[God] waits to be wanted. Too bad that with many of us He waits so long, so very long, in vain. — A. W. Tozer

He was leaning back in his leather recliner in the wood-paneled den, his eyes darting back and forth between the television set and me, as if he didn’t deign to devote his full attention to our confrontation. In staccato bursts, he would lecture and scold and shout, but his eyes never met mine.

It was the evening before my high school graduation, and my dad had caught me lying to him — big-time.

Finally, he snapped his chair forward and shifted to look fully into my face, his eyes angry slits behind his glasses. He held up his left hand, waving his pinky like a taunt as he pounded each and every word: “I don’t have enough love for you to fill my little finger.”

He paused as the words smoldered. He was probably expecting me to fight back, to defend myself, to blubber or apologize or give in — at least to react in some way. But all I could do was to glare at him, my face flushed. Then after a few tense moments he sighed deeply, reclined again in his chair, and resumed watching TV. That’s when I turned my back on my father and strode toward the door.

I didn’t need him. I was brash, I was driven and ambitious — I would slice my way through the world without his help. After all, I was about to make almost a hundred dollars a week at a summer job as a reporter for a rural newspaper in Woodstock, Illinois, and live on my own at a boarding house.

A plan formulated in my mind as I slammed the back door and began the trek toward the train station, lugging the duffel bag I had hurriedly packed. I would ask the newspaper to keep me on after the summer. Lots of reporters have succeeded without college, so why not me? Soon I’d make a name for myself. I’d impress the editors at the Chicago papers and eventually break into the big city. I’d ask my girlfriend to move in with me. I was determined to make it on my own — and never to go back home.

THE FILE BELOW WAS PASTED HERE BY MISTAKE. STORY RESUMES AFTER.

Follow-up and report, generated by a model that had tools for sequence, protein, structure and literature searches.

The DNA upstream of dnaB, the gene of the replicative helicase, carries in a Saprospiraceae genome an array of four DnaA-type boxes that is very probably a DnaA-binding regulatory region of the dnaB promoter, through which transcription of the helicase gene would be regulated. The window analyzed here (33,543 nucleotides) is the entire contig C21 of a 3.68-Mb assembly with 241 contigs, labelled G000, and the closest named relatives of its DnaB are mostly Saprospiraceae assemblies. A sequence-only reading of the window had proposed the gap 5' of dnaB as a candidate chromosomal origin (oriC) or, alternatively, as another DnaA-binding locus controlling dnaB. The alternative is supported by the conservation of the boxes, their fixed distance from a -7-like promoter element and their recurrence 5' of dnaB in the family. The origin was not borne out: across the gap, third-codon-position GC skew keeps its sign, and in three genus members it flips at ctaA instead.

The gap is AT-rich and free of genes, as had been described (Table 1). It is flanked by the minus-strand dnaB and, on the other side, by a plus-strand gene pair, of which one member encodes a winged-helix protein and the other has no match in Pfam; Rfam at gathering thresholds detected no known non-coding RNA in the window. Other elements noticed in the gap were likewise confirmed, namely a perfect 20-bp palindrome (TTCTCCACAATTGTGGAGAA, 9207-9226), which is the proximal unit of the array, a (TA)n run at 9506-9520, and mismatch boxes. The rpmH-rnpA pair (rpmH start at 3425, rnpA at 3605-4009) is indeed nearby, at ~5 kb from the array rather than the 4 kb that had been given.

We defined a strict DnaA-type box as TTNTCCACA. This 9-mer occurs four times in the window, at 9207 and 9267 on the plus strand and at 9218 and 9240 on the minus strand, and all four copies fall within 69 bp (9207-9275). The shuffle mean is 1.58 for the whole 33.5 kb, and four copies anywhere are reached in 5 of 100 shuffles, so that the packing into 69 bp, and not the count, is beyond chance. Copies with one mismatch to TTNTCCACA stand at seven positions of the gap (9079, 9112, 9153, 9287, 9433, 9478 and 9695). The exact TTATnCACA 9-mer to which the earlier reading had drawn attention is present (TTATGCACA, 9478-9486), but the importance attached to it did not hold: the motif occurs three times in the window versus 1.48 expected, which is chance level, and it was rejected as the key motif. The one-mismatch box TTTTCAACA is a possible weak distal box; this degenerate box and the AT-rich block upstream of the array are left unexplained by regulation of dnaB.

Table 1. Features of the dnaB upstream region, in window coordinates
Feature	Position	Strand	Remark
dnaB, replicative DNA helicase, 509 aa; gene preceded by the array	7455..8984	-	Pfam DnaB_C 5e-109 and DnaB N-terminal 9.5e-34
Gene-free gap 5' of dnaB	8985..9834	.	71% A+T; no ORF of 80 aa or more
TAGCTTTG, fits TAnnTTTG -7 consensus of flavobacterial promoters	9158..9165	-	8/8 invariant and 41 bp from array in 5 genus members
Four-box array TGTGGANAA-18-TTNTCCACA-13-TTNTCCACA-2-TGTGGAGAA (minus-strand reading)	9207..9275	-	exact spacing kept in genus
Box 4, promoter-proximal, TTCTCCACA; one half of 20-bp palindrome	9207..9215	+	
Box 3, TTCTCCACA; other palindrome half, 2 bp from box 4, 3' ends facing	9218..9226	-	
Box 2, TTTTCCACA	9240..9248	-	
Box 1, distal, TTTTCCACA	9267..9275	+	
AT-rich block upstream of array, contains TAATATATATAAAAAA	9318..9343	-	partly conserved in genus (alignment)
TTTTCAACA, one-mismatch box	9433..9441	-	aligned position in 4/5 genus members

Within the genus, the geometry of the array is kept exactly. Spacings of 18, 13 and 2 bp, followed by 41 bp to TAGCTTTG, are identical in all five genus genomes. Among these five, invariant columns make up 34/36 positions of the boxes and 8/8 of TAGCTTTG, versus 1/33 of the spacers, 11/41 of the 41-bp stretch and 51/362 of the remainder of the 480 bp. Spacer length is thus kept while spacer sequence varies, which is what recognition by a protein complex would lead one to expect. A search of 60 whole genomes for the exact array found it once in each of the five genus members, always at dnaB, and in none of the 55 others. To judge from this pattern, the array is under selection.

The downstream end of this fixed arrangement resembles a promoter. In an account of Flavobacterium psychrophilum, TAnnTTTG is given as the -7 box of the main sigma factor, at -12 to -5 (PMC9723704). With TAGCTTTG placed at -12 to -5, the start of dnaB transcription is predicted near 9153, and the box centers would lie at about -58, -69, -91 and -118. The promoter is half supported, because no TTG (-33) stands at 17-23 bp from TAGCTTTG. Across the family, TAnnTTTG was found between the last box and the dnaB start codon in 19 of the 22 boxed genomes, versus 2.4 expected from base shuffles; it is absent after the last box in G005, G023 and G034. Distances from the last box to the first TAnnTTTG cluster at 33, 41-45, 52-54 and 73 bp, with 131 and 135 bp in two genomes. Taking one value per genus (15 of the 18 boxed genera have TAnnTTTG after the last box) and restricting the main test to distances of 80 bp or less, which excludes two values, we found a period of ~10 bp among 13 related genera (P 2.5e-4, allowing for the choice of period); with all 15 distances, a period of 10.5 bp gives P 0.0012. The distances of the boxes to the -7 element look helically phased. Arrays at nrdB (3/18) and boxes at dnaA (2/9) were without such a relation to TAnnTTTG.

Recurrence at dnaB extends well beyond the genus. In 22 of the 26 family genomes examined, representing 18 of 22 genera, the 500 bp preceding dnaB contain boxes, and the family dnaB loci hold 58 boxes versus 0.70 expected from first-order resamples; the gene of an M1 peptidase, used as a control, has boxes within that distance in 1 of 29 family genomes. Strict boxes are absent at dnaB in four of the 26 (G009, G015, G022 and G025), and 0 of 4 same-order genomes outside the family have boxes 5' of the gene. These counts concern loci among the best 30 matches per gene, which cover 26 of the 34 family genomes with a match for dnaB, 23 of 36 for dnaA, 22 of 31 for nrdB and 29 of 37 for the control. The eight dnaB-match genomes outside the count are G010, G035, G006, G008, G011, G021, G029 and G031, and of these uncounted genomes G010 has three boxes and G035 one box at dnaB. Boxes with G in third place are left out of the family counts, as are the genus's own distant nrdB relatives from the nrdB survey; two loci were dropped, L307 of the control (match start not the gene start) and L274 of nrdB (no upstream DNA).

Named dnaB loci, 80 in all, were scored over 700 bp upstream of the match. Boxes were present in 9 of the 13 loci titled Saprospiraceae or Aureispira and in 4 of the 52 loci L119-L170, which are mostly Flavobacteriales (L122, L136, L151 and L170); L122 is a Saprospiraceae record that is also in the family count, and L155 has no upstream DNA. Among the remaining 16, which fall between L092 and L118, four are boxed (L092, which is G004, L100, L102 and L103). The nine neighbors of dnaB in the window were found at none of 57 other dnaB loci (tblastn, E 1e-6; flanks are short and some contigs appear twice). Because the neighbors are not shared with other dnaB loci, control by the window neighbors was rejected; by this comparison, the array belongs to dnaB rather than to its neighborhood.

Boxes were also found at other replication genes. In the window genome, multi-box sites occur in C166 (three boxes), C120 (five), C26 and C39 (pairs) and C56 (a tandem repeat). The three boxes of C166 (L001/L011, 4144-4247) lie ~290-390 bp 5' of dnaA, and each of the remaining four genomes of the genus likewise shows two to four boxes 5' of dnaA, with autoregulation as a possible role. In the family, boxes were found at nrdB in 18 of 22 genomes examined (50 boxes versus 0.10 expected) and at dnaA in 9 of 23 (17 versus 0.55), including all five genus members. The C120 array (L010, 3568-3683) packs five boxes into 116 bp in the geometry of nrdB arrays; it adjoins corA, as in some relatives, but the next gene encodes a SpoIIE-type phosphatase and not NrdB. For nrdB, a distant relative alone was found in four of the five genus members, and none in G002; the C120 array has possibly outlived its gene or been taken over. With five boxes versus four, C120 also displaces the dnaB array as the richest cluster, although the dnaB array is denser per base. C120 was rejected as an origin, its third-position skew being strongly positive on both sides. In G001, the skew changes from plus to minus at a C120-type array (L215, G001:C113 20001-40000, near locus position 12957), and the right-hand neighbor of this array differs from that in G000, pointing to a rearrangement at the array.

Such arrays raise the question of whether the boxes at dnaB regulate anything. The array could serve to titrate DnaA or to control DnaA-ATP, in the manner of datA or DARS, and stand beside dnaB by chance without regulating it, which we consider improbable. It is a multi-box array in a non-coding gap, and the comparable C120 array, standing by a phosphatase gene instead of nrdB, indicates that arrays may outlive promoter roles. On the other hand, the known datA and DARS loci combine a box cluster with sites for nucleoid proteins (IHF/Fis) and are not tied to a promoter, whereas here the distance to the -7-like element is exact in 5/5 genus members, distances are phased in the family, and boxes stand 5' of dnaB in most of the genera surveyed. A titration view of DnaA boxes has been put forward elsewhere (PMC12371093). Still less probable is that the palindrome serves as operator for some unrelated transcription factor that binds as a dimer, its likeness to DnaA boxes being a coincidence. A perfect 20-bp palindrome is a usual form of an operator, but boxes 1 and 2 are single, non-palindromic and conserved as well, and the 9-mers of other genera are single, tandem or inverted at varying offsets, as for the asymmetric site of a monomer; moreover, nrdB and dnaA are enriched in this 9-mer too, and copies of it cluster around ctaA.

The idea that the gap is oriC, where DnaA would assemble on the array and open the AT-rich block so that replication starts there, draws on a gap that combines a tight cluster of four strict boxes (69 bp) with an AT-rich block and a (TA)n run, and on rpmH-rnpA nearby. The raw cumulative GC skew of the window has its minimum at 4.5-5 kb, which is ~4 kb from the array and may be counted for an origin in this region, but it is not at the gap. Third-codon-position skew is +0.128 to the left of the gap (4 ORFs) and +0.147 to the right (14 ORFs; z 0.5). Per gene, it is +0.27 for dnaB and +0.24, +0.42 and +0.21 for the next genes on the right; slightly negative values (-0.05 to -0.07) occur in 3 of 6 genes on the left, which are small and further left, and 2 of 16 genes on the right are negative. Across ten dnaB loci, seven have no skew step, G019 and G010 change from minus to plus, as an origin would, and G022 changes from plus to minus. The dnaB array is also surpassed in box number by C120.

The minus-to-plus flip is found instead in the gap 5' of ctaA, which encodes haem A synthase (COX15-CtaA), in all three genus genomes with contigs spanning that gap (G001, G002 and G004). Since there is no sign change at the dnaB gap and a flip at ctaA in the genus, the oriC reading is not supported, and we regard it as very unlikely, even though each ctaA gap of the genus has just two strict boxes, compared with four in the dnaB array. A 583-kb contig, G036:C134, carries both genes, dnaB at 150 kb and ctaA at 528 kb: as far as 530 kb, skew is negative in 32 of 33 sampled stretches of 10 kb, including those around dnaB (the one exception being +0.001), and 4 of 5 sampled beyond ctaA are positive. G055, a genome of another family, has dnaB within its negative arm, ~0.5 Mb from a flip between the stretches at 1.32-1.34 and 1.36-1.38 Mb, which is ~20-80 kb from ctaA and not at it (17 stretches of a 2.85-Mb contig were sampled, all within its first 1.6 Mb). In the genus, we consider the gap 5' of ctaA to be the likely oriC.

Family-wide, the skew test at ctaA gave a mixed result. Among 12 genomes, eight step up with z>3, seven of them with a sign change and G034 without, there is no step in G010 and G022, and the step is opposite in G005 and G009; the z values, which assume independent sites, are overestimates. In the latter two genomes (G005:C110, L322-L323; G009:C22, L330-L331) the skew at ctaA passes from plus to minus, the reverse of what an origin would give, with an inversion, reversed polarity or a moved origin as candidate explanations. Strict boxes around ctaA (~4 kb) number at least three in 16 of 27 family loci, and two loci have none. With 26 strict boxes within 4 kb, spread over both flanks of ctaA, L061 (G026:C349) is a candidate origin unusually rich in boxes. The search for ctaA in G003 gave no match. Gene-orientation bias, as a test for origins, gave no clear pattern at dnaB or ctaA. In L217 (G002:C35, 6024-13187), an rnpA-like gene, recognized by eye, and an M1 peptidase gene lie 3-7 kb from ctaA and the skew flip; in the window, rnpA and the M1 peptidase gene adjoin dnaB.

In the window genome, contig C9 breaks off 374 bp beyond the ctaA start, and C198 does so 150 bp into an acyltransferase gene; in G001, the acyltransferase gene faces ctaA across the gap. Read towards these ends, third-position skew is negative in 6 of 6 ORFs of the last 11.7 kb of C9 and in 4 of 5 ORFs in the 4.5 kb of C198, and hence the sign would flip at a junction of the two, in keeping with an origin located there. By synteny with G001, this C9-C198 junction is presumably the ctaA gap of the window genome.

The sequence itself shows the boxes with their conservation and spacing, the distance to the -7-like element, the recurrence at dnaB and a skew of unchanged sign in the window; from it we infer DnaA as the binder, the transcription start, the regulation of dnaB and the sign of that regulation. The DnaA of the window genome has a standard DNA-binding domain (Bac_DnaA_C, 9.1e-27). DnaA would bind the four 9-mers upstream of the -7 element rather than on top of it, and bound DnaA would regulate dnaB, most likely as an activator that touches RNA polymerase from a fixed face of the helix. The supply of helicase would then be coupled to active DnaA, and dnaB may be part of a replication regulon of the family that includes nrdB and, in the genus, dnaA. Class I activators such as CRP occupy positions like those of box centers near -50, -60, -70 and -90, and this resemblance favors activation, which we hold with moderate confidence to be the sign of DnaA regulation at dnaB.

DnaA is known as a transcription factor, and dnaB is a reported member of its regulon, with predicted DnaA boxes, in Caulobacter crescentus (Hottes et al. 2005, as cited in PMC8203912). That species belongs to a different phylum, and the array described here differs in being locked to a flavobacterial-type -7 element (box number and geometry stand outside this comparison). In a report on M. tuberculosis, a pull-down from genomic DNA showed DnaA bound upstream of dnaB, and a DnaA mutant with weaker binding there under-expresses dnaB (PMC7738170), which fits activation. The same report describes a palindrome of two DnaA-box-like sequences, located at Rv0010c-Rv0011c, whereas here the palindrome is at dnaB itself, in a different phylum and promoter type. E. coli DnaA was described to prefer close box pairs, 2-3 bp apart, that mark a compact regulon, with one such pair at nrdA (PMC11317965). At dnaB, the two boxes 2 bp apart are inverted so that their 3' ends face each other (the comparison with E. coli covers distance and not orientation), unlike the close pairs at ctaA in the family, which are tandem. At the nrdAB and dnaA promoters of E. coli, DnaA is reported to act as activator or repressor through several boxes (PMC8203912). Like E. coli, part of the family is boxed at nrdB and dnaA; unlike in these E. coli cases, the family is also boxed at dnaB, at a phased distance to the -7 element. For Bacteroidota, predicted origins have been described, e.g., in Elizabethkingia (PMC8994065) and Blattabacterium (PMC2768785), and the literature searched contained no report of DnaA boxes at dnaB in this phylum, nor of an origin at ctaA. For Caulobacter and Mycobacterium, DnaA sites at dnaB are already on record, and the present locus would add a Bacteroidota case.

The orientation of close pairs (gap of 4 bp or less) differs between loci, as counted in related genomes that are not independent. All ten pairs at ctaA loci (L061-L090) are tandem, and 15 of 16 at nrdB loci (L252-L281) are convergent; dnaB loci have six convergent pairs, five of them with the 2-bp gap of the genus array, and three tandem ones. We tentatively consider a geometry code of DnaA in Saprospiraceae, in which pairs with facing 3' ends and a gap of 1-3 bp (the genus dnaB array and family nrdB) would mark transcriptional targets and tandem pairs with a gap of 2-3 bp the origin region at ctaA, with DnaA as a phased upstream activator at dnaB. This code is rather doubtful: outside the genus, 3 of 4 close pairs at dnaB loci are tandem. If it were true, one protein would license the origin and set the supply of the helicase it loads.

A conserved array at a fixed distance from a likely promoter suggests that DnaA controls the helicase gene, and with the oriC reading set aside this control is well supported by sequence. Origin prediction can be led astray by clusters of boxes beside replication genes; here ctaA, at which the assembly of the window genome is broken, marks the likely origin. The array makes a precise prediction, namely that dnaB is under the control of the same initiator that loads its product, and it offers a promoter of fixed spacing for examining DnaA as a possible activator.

Someday, there would be payback. The day would come when my father would unfold the Chicago Tribune and his eye would catch my byline on a front-page exclusive. That would show him.

I was on a mission — and it was fueled by rage. But what I didn’t realize as I marched down the gravel shoulder of the highway on that sultry June evening was that I was actually launching a far different quest than what I had supposed. It was a journey that I couldn’t understand back then — and which would one day reshape my life in ways I never could have imagined.

That day I embarked on a lifelong pursuit of grace.

Grace Withheld, Grace Extended

See to it that no one misses the grace of God.Hebrews 12:15

I always wondered: Would I cry when my father died?

After the confrontation in which my dad declared he didn’t have enough love for me to fill his little finger, I stormed out of the house, determined never to return. I lived for two months in a small apartment nearly forty miles away as I worked as a reporter for a small daily newspaper. The publisher agreed to hire me beyond the summer. My future seemed set.

I never heard from my father, but my mother kept urging me to return. She would call and write to tell me my dad certainly couldn’t have meant what he said. Finally, I did come home briefly, but my father and I never discussed the incident that prompted me to leave. I never broached it, and neither did he. We maintained a civil but distant relationship through the years.

He paid for my college tuition, for which I never thanked him. He never wrote, visited, or came to my graduation. When I got married after my sophomore year at the University of Missouri, my parents hosted the reception, but my dad and I never had a heart-to-heart talk.

Fresh from Missouri’s journalism school, I was hired as a general assignment reporter at the Chicago Tribune, later developing an interest in law. I took a leave of absence to study at Yale Law School, planning to return to the Tribune as legal editor.

A few days before my graduation, I settled into a cubicle in the law school’s gothic library and unfolded the New York Times for a leisurely morning of reading. I was already prepared for my final exams and was getting excited about returning to Chicago. Then my friend Howard appeared. I folded the newspaper and greeted him; he stared at me as if he had something urgent to say but couldn’t find the right words. “What’s wrong?” I asked. He didn’t answer, but somehow I knew. “My father died, right?” He nodded, then led me to the privacy of a small alcove, where I sobbed inconsolably.